Home > Web Search Tools > Website 101: Google Commands You Need to Know (part 1 – Web Masters Tools)

Website 101: Google Commands You Need to Know (part 1 – Web Masters Tools)

Knowing these commands can give you a significant advantage when doing online research or when you are researching keywords for your website.

What is a Google Search Command?

It is a command word that you can optionally include in your Google search that instructs the search engine to handle your words in a special way. Below is a list of the some commonly used commands that may come in useful.


The link command lists pages that link to the site (page) you specify. (These kinds of links are called Inbound Links).

Webmasters use this command a lot to gauge how many inbound links exist to their website.

When you type the command make sure that you don’t leave a space after the ink: command and your site address. It should look like link:www.syncrony.com .

Google limitations:

1) Google used to limit returned results to pages having a PageRank of over 3 or 4. This limitation has been removed a long time ago.

2) Link results are not real-time results and are usually delayed by about a month.

Trick: You can use :www.syncrony.com to return a (usually) larger list of linked sites that is also usually more up to date than link:

Tip: You can exclude a site from the link: search by adding the site address using the -site: command. Like this: link:www.syncrony.com -site:google.com . This will exclude and Google links from the links search.


The site: command restricts search results to the specified sub-domain. You can specify just the domain and get all pages indexed for the domain or you can specify an search term. If you specify a search term Google will return all instances of the term from the specified domain.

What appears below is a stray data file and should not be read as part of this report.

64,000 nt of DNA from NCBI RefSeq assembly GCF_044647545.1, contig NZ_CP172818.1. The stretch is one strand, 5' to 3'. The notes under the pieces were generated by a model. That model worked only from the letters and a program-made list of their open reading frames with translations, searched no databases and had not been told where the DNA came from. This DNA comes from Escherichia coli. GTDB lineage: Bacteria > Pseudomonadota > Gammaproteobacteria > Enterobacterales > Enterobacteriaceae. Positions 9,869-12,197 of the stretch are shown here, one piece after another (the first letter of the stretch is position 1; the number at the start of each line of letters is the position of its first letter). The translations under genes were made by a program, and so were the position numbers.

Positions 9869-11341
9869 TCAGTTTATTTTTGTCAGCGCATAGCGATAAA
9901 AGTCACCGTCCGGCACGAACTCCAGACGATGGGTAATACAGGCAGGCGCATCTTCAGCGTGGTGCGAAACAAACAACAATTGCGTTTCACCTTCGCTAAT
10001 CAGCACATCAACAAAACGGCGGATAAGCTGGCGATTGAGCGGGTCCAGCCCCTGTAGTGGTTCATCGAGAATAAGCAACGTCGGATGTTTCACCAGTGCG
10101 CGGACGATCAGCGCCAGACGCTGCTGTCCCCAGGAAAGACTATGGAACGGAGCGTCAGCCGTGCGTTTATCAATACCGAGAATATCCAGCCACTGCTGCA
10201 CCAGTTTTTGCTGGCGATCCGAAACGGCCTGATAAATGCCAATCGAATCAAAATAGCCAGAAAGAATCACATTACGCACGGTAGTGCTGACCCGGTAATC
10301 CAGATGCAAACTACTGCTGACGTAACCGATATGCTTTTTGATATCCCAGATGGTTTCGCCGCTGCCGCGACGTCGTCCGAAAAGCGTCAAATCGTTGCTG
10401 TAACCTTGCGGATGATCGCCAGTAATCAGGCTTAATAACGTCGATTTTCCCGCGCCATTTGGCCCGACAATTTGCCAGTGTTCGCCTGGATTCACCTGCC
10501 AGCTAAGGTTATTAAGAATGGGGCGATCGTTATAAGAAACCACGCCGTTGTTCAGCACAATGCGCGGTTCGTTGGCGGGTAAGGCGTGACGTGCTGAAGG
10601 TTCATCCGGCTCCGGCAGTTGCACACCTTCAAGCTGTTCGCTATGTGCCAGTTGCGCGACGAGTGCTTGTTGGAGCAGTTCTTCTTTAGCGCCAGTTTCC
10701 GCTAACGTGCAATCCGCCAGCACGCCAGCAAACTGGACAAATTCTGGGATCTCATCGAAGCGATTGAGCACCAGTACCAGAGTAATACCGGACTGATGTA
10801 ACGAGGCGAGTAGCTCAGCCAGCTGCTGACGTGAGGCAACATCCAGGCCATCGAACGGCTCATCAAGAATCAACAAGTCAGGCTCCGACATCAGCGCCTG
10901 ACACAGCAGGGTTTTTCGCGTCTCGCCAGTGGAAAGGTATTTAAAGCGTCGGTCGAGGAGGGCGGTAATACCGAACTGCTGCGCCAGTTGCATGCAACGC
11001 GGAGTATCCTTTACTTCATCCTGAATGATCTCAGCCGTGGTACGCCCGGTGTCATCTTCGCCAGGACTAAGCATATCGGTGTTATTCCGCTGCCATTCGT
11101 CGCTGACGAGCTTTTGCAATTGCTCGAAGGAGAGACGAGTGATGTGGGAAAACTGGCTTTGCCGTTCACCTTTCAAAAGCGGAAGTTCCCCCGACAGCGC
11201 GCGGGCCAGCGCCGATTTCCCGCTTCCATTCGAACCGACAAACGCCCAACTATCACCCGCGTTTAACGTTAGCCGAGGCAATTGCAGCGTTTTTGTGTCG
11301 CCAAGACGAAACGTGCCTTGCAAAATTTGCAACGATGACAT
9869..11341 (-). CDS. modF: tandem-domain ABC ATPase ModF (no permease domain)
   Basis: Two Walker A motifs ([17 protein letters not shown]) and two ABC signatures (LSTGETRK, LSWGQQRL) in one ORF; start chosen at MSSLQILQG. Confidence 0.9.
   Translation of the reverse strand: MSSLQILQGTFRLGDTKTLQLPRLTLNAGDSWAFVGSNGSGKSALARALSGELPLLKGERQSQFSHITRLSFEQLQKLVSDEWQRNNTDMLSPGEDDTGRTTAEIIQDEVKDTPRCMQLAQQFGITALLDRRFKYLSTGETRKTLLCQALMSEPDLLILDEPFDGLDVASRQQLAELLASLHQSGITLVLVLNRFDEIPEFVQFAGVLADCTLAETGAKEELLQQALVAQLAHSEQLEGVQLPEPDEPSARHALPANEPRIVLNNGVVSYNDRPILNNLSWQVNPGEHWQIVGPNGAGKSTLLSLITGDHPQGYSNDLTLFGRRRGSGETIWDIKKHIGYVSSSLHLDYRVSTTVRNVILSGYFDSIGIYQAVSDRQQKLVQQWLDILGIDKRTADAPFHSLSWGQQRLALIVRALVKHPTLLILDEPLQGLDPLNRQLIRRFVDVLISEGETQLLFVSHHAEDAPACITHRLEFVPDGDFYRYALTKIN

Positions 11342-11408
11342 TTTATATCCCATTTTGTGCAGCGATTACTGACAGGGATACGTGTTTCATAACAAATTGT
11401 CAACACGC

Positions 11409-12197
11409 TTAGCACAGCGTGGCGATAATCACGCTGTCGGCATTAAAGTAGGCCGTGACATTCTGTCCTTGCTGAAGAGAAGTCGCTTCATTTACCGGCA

So for a list of all occurrences of Syncrony.com you would type site:syncrony.com. This would return all pages indexed for syncrony.com.

For a list of all occurrences of the search term "web design" in the domain syncrony.com you would type site:syncrony.com web design .

The command can be used for a global look at a search term in your geographical area. Like site:co.za web design . This would return all indexed pages that contain the words "web design" in the co.za domain.


The title of a web page is a very important piece of text both for Google’s search purposes and for the site owner. The title is the text that appears in the topmost (usually blue) bar of your web browser.

Google keeps an index of just the intitle text and you can search this index using the intitle command.

The lesson for the webmaster is that each page should have unique title text and that the title text is important. This text must contain an important keyword or keyword phrase because it will be indexed and will be available for search using the intitle: command.

An intitle search usually returns much fewer results that a general search does. Always do a check for the keywords you are planning to use with and without the intitle command. A highly useable keyword may present itself by having few results in an intitle search.

SITE and INTITLE Together

Now you know them as individual commands, you can quickly learn to combine them for even more valuable results.

intitle:Milk Thistle site:co.za

This will return all occurrences of "milk thistle" in the title bars of all sites in the coza domain.

Related Documents:

1) For a more detailed explanation of Google’s Search see: Website 101: Google Search Explained

2) Google Commands You Need to Know (Part 2 -Commands for General Convenience)

3) {a http://www.syncrony.com/KNOW_HOW/Web_Design_101.aspx}Website 101


Using the site: command: http://googlewebmastercentral.blogspot.com/2007/03/using-site-command.html

Howard Rybko

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